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Denver’s Chinatown 1875-1900

Gone But Not Forgotten

Jingyi Song

Denver’s Chinatown 1875-1900: Gone But Not Forgotten explores the coming of the Chinese to the Western frontier and their experiences in Denver during its early development from a supply station for the mining camps to a flourishing urban center. The complexity of race, class, immigration, politics, and economic policies interacted dynamically and influenced the life of early Chinese settlers in Denver. The Denver Riot, as a consequence of political hostility and racial antagonism against the Chinese, transformed the life of Denver’s Chinese, eventually leading to the disappearance of Denver's Chinatown. But the memory of a neighbored that was part of the colorful and booming urban center remains.

El éxodo español de 1939

Una topología cultural del exilio

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Mónica Jato

El éxodo español de 1939: una topología cultural del exilio explores the cultural strategies employed by Spanish Republican refugees in adapting to radical changes in their environment and transforming the new spaces into habitable places. Thus the monograph highlights the centrality of the concept of place in the reconstruction of the lost home by analysing the various stages of the relocation of culture in exile: from French internment camps, on board ship, and finally to residence in Mexico.
Adopting an interdisciplinary approach, Jato contends that the experience of space in exile is relational, and that the staging posts described in each chapter have no meaning unless they are interconnected as integral parts of a cultural topology.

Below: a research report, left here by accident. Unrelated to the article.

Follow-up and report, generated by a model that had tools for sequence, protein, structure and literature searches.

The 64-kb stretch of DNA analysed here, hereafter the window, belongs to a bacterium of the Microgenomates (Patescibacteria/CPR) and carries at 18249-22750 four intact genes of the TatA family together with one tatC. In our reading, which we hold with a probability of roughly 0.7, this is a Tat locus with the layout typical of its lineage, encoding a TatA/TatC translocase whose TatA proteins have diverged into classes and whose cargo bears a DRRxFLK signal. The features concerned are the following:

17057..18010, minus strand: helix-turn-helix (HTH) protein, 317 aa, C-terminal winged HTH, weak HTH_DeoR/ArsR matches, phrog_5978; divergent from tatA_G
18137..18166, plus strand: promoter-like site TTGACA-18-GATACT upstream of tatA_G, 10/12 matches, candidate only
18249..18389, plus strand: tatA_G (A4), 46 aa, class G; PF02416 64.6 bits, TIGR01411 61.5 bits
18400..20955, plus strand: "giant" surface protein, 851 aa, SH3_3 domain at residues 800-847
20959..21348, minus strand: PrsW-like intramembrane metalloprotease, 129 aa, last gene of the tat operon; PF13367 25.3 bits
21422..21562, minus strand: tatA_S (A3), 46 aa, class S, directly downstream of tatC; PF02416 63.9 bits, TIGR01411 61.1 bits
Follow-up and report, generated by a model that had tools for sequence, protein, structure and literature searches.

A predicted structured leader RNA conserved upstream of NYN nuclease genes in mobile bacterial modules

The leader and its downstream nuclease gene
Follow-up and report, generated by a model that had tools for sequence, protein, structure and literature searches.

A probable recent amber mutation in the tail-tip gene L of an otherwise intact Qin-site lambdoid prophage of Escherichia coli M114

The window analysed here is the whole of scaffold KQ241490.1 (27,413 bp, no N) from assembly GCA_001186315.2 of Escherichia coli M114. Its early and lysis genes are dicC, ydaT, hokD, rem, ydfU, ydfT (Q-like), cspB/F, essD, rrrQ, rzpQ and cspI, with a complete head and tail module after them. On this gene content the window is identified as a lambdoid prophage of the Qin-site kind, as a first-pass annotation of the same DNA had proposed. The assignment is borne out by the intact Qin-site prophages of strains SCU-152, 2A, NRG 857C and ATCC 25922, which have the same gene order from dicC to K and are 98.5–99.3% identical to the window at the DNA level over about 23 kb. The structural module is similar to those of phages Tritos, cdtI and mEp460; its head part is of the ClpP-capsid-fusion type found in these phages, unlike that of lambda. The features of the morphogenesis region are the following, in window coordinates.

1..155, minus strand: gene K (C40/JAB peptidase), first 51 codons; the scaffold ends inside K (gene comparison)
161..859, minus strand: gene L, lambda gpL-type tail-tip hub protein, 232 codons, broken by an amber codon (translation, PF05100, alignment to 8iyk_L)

En El éxodo español de 1939: una topología cultural del exilio Mónica Jato da cuenta de las variadas estrategias culturales empleadas por los refugiados republicanos españoles para adaptarse a las condiciones de sus nuevos entornos con el fin de transformalos en lugares habitables. El libro indaga así la centralidad del concepto de lugar en la reconstrucción del hogar perdido y lo hace a través de sus diferentes etapas: en los campos de internamiento franceses, en los barcos rumbo a América y durante el asentamiento en tierras mexicanas.
La experiencia del exilio es abordada aquí desde una perspectiva interdisciplinaria que pone de manifiesto el aspecto relacional de estas pausas espaciales cuya interconexión define esta particular topología cultural.

Regional Integration and Migration in Africa

Lessons from Southern and West Africa

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Vusi Gumede, Samuel Ojo Oloruntoba and Serges Djoyou Kamga

This comparative book debates migration and regional integration in the two regional economic blocs, namely the Southern African Development Community (SADC) and the Economic Community of West African States (ECOWAS). The book takes a historical and nuanced citizenship approach to integration by analysing regional integration from the perspective of non-state actors and how they negotiate various structures and institutions in their pursuit for life and livelihood in a contemporary context marked by mobility and economic fragmentation.
This series focuses on the manifold commercial, human, political-diplomatic and scientific interactions that took place across the continental (overland) and maritime Silk Routes. This includes exchanges of ideas, knowledge, religions, and the transfer of cultural traditions, including forms of migration. Geographically speaking the series covers networks (or routes) across the Eurasian continent, the broader Indian Ocean (from East Asia as far as Africa), and the Asia-Pacific world, that is, trans-Pacific connections from Asia to the American continent. A special interest lies in the history of science and technology and knowledge transfer along and across these routes. The series focuses particularly on historical topics but contemporary studies are also welcome.